"One of the shining lights that came from the Pandemic response was the way in which the sector worked together to achieve the goals."
Its data showed that during the COVID-19 Pandemic, more people confronted the possibility of homelessness as a result of reduction in income due to furlough or unemployment or relationship breakdown and domestic abuse.
Protections introduced during the COVID-19 Pandemic prevented evictions from rental housing, and numbers becoming homeless for rent arrears fell in 2021 in Milton Keynes.
Milton Keynes Council has commented that the ‘Everyone in' policy increased the need for temporary housing.
The policy embraced those who are categorised as ‘having no recourse to public funds’, who usually are not able to access statutory support services. (I.e. all migrants granted limited rights to be in the UK such as partners, spouses, children and adult dependent relatives.)
Vital Statistics - Housing
- Over half of Milton Keynes first phase housing estates rank amongst the highest in the UK for levels of deprivation.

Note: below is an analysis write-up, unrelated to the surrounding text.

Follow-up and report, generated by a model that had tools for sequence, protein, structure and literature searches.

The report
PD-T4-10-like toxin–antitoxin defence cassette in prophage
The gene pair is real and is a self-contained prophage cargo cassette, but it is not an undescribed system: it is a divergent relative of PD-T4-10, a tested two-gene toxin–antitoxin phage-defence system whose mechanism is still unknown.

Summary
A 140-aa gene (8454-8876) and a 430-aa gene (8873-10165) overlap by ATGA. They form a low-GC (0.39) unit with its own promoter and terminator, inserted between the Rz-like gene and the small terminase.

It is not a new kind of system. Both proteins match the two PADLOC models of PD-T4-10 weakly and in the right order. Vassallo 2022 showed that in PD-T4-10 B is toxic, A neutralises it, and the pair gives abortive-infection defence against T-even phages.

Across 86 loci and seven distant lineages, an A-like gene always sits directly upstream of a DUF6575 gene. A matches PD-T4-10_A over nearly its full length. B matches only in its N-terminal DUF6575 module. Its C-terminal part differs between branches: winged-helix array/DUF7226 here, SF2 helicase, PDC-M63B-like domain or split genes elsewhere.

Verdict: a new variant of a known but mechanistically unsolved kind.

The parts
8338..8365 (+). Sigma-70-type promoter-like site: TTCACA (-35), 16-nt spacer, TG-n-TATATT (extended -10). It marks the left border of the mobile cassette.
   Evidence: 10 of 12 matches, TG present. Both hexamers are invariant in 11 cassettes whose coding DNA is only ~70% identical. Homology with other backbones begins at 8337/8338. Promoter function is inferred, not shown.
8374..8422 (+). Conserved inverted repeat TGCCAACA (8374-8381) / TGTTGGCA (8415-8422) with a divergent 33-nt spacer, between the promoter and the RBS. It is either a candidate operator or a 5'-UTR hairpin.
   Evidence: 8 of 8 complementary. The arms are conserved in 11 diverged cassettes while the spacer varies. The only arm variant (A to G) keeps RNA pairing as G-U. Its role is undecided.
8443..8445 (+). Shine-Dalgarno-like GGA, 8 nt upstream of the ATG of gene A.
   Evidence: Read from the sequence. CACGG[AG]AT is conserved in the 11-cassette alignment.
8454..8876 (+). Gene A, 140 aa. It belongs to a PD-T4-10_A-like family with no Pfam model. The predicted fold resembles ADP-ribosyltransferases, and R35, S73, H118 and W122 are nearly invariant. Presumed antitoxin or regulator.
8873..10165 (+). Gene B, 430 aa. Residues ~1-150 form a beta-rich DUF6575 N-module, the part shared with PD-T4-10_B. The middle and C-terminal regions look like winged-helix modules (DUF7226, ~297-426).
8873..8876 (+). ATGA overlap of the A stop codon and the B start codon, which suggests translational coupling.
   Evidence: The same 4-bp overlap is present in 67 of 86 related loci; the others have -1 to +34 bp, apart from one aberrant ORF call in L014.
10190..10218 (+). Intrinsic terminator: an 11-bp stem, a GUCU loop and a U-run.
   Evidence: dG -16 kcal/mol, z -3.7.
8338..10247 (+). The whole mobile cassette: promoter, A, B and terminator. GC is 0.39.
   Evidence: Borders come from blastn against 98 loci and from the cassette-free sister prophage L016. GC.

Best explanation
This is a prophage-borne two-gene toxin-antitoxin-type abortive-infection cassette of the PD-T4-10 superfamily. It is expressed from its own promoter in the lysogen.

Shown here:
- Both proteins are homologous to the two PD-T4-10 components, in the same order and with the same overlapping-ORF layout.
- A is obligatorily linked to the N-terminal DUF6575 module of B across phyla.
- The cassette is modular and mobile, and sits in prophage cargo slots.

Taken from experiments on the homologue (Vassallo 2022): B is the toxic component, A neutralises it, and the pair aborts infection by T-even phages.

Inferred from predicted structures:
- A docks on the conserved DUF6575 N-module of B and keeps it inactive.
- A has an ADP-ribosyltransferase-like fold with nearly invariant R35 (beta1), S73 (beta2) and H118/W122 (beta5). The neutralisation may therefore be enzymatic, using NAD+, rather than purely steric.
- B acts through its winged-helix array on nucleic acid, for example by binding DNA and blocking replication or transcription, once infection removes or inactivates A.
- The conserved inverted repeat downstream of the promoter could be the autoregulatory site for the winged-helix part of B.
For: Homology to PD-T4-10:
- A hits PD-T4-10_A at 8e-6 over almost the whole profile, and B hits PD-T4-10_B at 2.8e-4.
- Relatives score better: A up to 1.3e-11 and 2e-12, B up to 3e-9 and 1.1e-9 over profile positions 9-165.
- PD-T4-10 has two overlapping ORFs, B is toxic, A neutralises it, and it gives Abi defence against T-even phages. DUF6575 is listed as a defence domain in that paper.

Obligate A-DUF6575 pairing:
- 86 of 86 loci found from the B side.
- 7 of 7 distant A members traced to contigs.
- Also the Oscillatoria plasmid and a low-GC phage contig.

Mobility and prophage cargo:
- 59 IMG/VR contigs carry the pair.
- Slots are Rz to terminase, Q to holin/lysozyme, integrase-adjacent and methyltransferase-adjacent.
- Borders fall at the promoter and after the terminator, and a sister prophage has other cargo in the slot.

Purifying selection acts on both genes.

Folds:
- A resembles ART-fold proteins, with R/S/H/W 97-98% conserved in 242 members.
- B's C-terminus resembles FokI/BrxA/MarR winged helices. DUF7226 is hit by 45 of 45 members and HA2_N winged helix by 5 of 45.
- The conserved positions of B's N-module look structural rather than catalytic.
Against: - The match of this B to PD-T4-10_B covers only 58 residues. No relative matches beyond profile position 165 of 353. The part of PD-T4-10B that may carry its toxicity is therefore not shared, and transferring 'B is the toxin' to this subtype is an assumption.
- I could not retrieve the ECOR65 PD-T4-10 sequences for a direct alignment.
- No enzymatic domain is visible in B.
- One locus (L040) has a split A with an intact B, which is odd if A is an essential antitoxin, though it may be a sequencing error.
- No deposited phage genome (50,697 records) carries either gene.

- The ratio of mean annual salary to mean house price in MK was 6.6 in 2013 and increased to 9.8 in 2021.
- Milton Keynes was ranked 27 out of all English Local Authorities in 2021 for the proportion of its population that was homeless (a rank of 1 is the highest proportion that are homeless). In 2018 Milton Keynes ranking was 32.
- 65% of households become homeless in Milton Keynes due to the impact of relationship breakdowns or family/friends no longer being able to accommodate.
- The rate of households living in temporary accommodation is 8 per 1,000 households, double the average rate for England.
How do we support newly arrived communities to be welcomed and integrated into Milton Keynes?